Port of Aerial Embarkation

By John Ciardi 1916–1986 John Ciardi
There is no widening distance at the shore—   
The sea revolving slowly from the piers—
But the one border of our take-off roar   
And we are mounted on the hemispheres.

Above the waning moon whose almanac   
We wait to finish continents away,   
The Northern stars already call us back,   
And silence folds like maps on all we say.

Under the sky, a stadium tensed to cry
The ringside savage thrumming of the fights,   
We watch our engines, taut and trained for sky,   
Arranged on fields of concrete flowered with lights.

Day after day we fondle and repeat
A jeweler’s adjustment on a screw;
Or wander past the bulletins to meet
And wander back to watch the sky be blue.

Somehow we see ourselves in photographs   
Held in our hands to show us back our pride   
When, aging, we recall in epitaphs
The faces just behind and to each side.

The nights keep perfect silence. In the dark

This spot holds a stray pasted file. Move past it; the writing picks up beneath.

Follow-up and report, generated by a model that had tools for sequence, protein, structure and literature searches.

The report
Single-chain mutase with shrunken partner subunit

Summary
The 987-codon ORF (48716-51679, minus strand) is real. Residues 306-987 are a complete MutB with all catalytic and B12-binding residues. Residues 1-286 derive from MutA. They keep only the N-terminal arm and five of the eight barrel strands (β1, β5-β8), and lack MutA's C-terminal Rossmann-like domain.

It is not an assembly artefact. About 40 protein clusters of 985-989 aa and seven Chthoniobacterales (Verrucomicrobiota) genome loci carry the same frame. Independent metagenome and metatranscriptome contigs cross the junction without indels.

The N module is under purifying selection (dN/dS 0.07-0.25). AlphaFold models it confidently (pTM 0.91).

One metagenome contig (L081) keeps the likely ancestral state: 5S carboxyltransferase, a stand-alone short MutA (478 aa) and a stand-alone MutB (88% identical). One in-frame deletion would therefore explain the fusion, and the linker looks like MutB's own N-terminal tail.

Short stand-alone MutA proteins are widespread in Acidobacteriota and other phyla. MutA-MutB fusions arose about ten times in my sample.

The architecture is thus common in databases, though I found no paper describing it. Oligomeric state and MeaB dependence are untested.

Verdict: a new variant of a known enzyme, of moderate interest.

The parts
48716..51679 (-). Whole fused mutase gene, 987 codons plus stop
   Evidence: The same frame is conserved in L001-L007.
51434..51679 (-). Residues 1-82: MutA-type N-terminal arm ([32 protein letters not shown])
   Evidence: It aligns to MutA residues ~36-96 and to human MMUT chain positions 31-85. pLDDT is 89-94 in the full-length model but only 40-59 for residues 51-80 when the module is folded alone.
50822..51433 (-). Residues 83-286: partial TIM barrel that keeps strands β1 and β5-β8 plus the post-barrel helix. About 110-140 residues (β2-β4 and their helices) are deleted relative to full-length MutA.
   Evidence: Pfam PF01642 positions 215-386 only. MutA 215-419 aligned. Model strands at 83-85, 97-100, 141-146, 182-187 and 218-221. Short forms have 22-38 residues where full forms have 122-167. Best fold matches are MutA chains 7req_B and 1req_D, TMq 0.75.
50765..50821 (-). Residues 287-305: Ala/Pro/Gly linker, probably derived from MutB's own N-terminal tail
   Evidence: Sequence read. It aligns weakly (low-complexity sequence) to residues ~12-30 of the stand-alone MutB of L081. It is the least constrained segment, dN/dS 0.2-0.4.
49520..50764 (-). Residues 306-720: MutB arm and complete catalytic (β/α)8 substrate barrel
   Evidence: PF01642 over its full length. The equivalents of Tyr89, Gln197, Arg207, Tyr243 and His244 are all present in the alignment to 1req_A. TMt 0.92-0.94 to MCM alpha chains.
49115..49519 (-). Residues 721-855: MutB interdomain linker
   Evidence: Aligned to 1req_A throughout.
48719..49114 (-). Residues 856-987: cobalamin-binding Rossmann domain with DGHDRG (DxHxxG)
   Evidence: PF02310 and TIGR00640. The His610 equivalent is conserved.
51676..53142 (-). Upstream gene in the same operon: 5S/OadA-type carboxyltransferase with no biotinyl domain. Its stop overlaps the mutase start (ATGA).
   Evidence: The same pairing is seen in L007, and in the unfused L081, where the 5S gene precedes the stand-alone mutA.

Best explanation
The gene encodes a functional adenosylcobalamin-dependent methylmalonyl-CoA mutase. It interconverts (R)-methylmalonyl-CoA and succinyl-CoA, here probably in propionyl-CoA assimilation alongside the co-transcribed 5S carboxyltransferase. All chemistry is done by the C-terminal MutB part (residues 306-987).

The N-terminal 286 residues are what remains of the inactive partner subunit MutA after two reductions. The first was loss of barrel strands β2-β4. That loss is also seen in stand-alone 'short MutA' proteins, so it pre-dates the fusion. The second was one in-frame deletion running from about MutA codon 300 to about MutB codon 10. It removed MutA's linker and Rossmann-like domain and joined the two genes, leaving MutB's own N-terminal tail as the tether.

You feel the faces soften into sleep,
Or tense upon the fraught and falling arc   
Of fear a boy had buried not too deep.

Finally we stand by and consciously   
Measure the double sense of all our talk,   
And, everyman his dramatist, anxiously   
Corrects his role, his gesture, and his walk.

John Ciardi, “Port of Aerial Embarkation” from Other Skies (Boston: Atlantic Monthly Press, 1947). Used with the permission of the Ciardi Family Publishing Trust.

Source: The Collected Poems of John Ciardi (University of Arkansas Press, 1997)

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Poet John Ciardi 1916–1986

Subjects War & Conflict, Heroes & Patriotism, Living, Coming of Age, Social Commentaries

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 John  Ciardi

Biography

To millions of Americans, the late John Ciardi was "Mr. Poet, the one who has written, talked, taught, edited, translated, anthologized, criticized, and propelled poetry into a popular, lively art," according to Peter Comer of the Chicago Tribune. Although recognized primarily as a poet and critic, Ciardi's literary endeavors encompassed a vast range of material. From juvenile nonsense poetry to scholarly verse translations, . . .

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SUBJECT War & Conflict, Heroes & Patriotism, Living, Coming of Age, Social Commentaries

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Originally appeared in Poetry magazine.

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